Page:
14. 14. 14 LEGISLATION All species of owls found in India are protected under the Wildlife (Protection) Act, 1972 (WLPA). The 1991 amendment to the WLPA bans the trade, trapping and hunting and transport of owls. Apart from owls present in Indian zoos, there are no private captive breeding facilities permitted, and no regulated trade of captive-bred stock is known. The “Exim policy” that controls imports and exports from India bans international trade in all Indian owl species (Anon, 1993). The recently re-discovered Forest Owlet Heteroglaux blewitti is listed in Schedule I of the WLPA (fully protected, with stiff penalties for any transgression), while all other owl species are listed in Schedule IV (fully protected, but less severe penalties), under their respective family names Tytonidae and Strigidae (Anon, 1993). Forest Owlet is placed in Appendix I of CITES, while all other species are listed in Appendix II, under their family names (Anon, 1998a). Prior to the 1991 amendment to the WLPA, a few licenses were issued to travelling zoos and bird dealers owning owls, but these have now been revoked. There is a provision in the WLPA to grant permission for an individual/organization to trap owls for research throughtheChiefWildlifeWardenoftheconcernedstate.Anypersonwhocontravenesany INR 25 000 (USD 555, using USD 1= INR 45 – for more information on penalties, see Section 51 of the WLPA). Seized owls are either sent to the nearest zoo or Animal the state government and are periodically disposed off by incineration. Rock Eagle-owl offered for sale at Jama Masjid bird market, Delhi
  15. 15. 15 MATERIALS AND METHOD This report includes information gathered during a nationwide study of the bird trade information collected by the author from visits conducted to areas either with a previous bird trade history, or at places where trade was known to be prevalent (Map 1, Page 16). Additional infomation was gathered between 2001 and 2008. In total, information was obtained on just under 300 visits to bird markets undertaken during the period. The surveys were carried out covertly and sites were visited at times when seasonal trade was known to be under way—for example, areas in Assam known to trade in Hill Mynas Gracula religiosa were surveyed during the chick-collection season. No particular the covert nature of the trade. Ever since the Indian wild bird trade ban, most dealers involved in this trade have become ultra cautious and it required extra effort to uncover relevant information. While it was still possible to obtain verbal information, in most The author visited actual trapping sites, witnessed trapping techniques, and followed these up with trips to the transit and storage areas as well as the actual selling points. The investigations involved interactions with traders, sometimes posing as a buyer and Zoo Authority (CZA), informers/volunteers, media reports and the TRAFFIC India database were also examined. Bookshops and vendors selling books related to black magic were scanned and all relevant literature was reviewed. Bird names have been referenced from BirdLife International’s Species Factsheets (2009) names have been used from Ali & Ripley (1983) and also recorded from bird traders (Ahmed 1997 and 2002; Anon, 1998). Owl distribution maps are based from the book: Birds of South Asia. The Ripley Guide. Vols. 1 and 2. by Rasmussen, P.C. & Anderton, J.C. (2005). Smithsonian Institution and Two owl illustrations have also been taken from the above book.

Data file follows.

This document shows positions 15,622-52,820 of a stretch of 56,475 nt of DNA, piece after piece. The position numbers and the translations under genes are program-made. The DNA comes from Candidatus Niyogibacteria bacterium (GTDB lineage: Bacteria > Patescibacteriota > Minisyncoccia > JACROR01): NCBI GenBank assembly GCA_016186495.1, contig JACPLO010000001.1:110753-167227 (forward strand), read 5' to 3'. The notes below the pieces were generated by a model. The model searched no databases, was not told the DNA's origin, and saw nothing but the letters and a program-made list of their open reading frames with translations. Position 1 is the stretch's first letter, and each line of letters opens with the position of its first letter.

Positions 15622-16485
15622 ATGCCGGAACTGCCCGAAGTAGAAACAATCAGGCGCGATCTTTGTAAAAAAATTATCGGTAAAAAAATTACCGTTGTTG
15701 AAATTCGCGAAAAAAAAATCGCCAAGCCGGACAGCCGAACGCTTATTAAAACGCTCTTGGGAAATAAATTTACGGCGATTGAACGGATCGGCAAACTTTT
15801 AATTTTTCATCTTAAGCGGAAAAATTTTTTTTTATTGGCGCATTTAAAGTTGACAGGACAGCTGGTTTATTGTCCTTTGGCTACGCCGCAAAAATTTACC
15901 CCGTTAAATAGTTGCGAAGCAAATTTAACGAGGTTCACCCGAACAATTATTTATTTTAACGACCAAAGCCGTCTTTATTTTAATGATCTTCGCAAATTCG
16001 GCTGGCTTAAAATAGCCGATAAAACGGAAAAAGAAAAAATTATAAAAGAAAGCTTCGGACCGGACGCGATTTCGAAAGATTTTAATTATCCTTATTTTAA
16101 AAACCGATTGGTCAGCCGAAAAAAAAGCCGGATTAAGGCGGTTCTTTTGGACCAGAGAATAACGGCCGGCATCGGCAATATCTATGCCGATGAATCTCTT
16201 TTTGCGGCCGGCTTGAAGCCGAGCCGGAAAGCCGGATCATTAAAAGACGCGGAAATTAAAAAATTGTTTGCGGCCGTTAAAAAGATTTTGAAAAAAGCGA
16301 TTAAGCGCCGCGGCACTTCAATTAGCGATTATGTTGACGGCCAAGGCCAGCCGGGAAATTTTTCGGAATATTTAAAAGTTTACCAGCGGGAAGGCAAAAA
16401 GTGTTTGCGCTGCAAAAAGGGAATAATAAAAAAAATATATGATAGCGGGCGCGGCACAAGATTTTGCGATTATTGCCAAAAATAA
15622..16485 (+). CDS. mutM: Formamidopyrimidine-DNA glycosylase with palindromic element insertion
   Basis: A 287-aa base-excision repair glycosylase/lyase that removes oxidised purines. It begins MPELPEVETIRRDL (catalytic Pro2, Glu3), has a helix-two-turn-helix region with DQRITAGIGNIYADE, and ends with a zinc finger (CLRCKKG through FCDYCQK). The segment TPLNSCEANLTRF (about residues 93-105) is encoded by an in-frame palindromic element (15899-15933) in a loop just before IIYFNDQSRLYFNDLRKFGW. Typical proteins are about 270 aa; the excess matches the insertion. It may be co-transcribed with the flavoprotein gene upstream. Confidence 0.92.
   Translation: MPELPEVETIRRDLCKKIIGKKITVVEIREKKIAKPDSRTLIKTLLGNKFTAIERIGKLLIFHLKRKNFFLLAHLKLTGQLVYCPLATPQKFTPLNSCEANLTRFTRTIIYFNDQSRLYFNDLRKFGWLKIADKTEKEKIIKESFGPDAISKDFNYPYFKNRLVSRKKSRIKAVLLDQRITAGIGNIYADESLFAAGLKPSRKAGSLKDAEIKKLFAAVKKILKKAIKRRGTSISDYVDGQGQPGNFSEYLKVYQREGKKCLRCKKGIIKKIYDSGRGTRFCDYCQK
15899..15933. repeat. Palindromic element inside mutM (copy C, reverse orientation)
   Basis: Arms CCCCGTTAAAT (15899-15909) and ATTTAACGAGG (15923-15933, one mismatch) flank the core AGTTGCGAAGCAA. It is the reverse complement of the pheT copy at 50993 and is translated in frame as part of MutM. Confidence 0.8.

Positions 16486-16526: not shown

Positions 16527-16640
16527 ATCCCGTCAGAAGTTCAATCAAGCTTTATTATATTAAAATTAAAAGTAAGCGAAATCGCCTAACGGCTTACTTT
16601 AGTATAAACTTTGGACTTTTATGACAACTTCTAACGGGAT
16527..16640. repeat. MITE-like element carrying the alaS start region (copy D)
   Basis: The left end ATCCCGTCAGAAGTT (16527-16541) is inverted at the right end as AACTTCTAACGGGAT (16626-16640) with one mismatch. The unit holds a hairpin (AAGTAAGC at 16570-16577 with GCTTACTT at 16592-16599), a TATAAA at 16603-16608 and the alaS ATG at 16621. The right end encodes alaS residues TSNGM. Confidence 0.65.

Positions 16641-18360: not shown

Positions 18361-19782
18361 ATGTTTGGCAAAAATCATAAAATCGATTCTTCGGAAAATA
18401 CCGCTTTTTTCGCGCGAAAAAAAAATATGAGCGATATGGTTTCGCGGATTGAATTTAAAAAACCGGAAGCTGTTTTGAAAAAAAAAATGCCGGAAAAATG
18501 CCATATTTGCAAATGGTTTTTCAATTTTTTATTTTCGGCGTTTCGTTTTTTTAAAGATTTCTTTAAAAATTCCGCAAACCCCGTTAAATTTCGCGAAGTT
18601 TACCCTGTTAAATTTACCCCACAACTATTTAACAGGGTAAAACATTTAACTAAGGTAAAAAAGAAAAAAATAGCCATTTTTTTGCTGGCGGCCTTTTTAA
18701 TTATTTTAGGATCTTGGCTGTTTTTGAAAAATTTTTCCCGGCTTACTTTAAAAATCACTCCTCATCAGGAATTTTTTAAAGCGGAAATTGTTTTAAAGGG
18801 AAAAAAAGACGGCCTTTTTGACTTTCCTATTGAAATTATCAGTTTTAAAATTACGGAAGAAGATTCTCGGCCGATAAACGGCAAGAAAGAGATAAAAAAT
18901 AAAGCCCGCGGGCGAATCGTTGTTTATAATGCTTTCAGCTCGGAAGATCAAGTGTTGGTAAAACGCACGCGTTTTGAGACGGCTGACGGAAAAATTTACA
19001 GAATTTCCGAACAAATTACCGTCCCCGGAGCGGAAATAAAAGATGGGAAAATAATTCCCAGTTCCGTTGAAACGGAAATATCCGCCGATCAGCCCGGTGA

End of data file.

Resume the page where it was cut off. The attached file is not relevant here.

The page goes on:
16. 16. 16 Varanasi Map1: Owls trade and trapping areas Mapnottoscale
  17. 17. 17 THE OWL TRADE IN INDIA The Indian subcontinent is home to 32 species of owls, 30 of them recorded from India (Ali & Ripley, 1983; BirdLife International, 2009; Grimmet et al., 1999). Thirteen owl species were recorded by this study in the domestic live bird trade (Ahmed, 1997 and 2002), while two more species were reported in trade through seizure data. There are no trade data pertaining to exploitation of owls with restricted distributions in the Andamans & Nicobar Islands or the trans-Himalaya region, but it is likely that owls in the regions may be locally trapped and utilized (Miraj, 2007). During this study, more than a thousand owls belonging to at least 13 species were recorded. Despite the fact that owls were generally not openly displayed or advertised, it was apparent that their trade was reasonably widespread. One possibility is that recent clampdowns on the trade in domesticated birds is causing traditional bird traders and bill perfectly: due to the sheer number of superstitions and traditions surrounding them within India they are always in demand and, consequently, attract a high premium. Indeed, prices for traded owls have risen considerably since 2002 (Table 5, Page 38). Based on the visits and also casual interviews with owl traders and trappers, the mortality among owls in trade appeared to be less than 10%, but because most owls were sold within a week of capture and can survive several days without proper food, mortality rates could not be accurately determined. Nevertheless, once habituated, owls appeared to survive well in captivity. Spotted Owlet offered at Chowk market near Charminar in Hyderabad